Perhaps the hardest part of any manager's job is managing his bullpen. Some relievers need to pitch regularly to stay sharp. Others need proper rest to avoid fatigue and injury. And there's often a very fine line between one and the other. But in a pen such as the Yankees' that has a clear hierarchy of talent, there is one overriding principle. There are high-leverage relievers (Rivera, Farnsworth, Myers against lefties) and low-leverage relievers (Sturtze, Proctor, Villone, Small). The high-leverage guys need to pitch in high-leverage situations (leads of three runs or less, tie games at home or on the road, and, depending on the relative strengths of your offense and the opposing pitching staff, trailing by one or two). The low-leverage guys, meanwhile, are there to eat low-leverage innings, allowing the manager to save the high-leverage guys for when they're most needed.
Of course, it's impossible to stick to this formula exactly. Going deep into extra innings will require the use of a low-leverage pitcher in a high-leverage situation, as might playing many tight games in a row. Conversely, participating in a number of blowouts in a row might force a manager to use one of his high-leverage guys in a low-leverage situation just to keep him fresh. Last night was not one of those situations.
Mike Mussina entered the eighth inning with an 8-1 lead having held the Rangers to a run on three hits over seven innings, striking out five, walking none, and needing just 85 pitches, 72 percent of which were strikes, to do it. After Kevin Mench lined Moose's first pitch of the eight into center for a lead-off single, Joe Torre popped out of the dugout and signaled for Aaron Small.
Fair enough. Sure, Mussina was cruising and a first-pitch single with a seven-run lead hardly amounted to a sign of struggle, but Small had pitched just once since coming off the disabled list on Monday and here was an extreme low-leverage situation in which to get him a couple of innings of work, both for his own good, and so Torre and his staff could have a better idea what Small has to offer now that his surprising 10-0 run is a thing of the past.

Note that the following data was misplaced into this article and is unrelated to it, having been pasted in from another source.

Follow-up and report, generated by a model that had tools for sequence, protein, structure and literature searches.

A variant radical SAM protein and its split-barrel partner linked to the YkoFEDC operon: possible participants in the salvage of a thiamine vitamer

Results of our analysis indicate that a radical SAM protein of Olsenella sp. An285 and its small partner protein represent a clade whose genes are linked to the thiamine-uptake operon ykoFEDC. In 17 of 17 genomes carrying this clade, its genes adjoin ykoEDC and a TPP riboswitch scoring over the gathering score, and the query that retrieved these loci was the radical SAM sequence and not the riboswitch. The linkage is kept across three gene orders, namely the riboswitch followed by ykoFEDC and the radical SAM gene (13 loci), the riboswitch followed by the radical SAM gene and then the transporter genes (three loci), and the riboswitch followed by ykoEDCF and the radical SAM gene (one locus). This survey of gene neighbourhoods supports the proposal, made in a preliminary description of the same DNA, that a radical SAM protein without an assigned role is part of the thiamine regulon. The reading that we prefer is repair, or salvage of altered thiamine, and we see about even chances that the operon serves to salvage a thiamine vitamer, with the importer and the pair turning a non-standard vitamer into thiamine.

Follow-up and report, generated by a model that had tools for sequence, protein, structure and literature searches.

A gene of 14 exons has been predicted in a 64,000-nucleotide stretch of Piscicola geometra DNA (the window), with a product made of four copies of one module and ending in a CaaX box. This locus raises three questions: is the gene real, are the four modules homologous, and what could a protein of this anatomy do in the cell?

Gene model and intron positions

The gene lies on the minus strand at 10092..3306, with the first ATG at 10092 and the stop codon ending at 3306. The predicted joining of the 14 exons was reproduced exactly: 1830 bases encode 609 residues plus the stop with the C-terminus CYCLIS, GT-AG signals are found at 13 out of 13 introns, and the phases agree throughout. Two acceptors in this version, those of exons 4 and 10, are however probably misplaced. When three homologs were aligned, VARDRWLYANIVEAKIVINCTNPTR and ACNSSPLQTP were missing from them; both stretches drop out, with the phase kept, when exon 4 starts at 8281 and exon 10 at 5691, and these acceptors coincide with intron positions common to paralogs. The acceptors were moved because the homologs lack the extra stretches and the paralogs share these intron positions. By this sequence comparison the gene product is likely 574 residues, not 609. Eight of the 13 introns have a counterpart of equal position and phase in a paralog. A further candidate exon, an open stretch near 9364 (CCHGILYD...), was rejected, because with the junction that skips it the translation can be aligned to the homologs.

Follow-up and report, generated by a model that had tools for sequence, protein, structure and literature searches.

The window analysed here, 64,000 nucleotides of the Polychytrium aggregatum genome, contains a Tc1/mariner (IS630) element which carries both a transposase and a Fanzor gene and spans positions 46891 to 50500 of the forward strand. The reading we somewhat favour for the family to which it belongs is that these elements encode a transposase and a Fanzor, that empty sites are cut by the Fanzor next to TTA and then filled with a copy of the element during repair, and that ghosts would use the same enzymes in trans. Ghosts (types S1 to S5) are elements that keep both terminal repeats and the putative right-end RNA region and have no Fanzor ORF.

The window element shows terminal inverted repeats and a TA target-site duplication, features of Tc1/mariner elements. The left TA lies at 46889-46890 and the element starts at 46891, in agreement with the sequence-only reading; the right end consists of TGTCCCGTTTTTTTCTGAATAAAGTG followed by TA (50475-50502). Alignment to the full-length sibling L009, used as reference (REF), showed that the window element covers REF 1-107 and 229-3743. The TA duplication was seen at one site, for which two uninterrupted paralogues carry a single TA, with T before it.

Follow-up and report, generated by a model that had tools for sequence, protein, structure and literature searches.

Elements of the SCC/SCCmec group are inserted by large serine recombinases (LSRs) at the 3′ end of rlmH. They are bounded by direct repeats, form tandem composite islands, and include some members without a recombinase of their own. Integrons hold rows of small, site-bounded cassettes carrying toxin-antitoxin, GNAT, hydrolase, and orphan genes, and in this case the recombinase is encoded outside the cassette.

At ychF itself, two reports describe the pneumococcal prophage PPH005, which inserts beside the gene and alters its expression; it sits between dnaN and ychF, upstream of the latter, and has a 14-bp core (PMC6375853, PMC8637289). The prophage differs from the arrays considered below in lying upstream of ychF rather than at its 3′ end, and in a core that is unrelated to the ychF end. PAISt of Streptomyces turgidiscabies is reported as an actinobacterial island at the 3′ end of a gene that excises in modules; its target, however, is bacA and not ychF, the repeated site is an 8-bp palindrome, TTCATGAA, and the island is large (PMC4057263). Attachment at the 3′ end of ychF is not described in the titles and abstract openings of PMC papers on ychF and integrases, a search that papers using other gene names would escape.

Brad Wilkerson hit a sharp grounder through the second base hole into center on Small's second pitch to put runners on the corners. Rod Barajas then a punched a 1-1 pitch past Derek Jeter to score Mench and push Wilkerson to third. Mark DeRosa followed by grounding into a fielder's choice to score Wilkerson, and Gary Matthews followed that by singling under the dive of a drawn-in Alex Rodriguez to put runners on first and second for the Rangers who still trailed by five runs.
That brought Torre back out to the mound, but he didn't call for Sturtze, Villone or Proctor. No, he went straight to Kyle Farnsworth. The very same Kyle Farnsworth who sat and watched as the Yankees lost a tie game on the road in Oakland in the season's second game. The same Kyle Farnsworth who didn't get into the next night's game until after Jaret Wright had allowed the A's to break another tie in the eighth inning. The very same Kyle Farnsworth who got the night off in Boston on Monday while Small and Tanyon Sturtze allowed the arch rival Red Sox to break another eighth-inning tie. True, Farnsworth was rested, having not pitched on Thursday, but he was not in need of work, having gone an inning and a third in a high-leverage win on Wednesday.
What happened next was not Joe Torre's fault, but it exacerbated the damage done by going to his high-leverage pitchers in a low-leverage situation.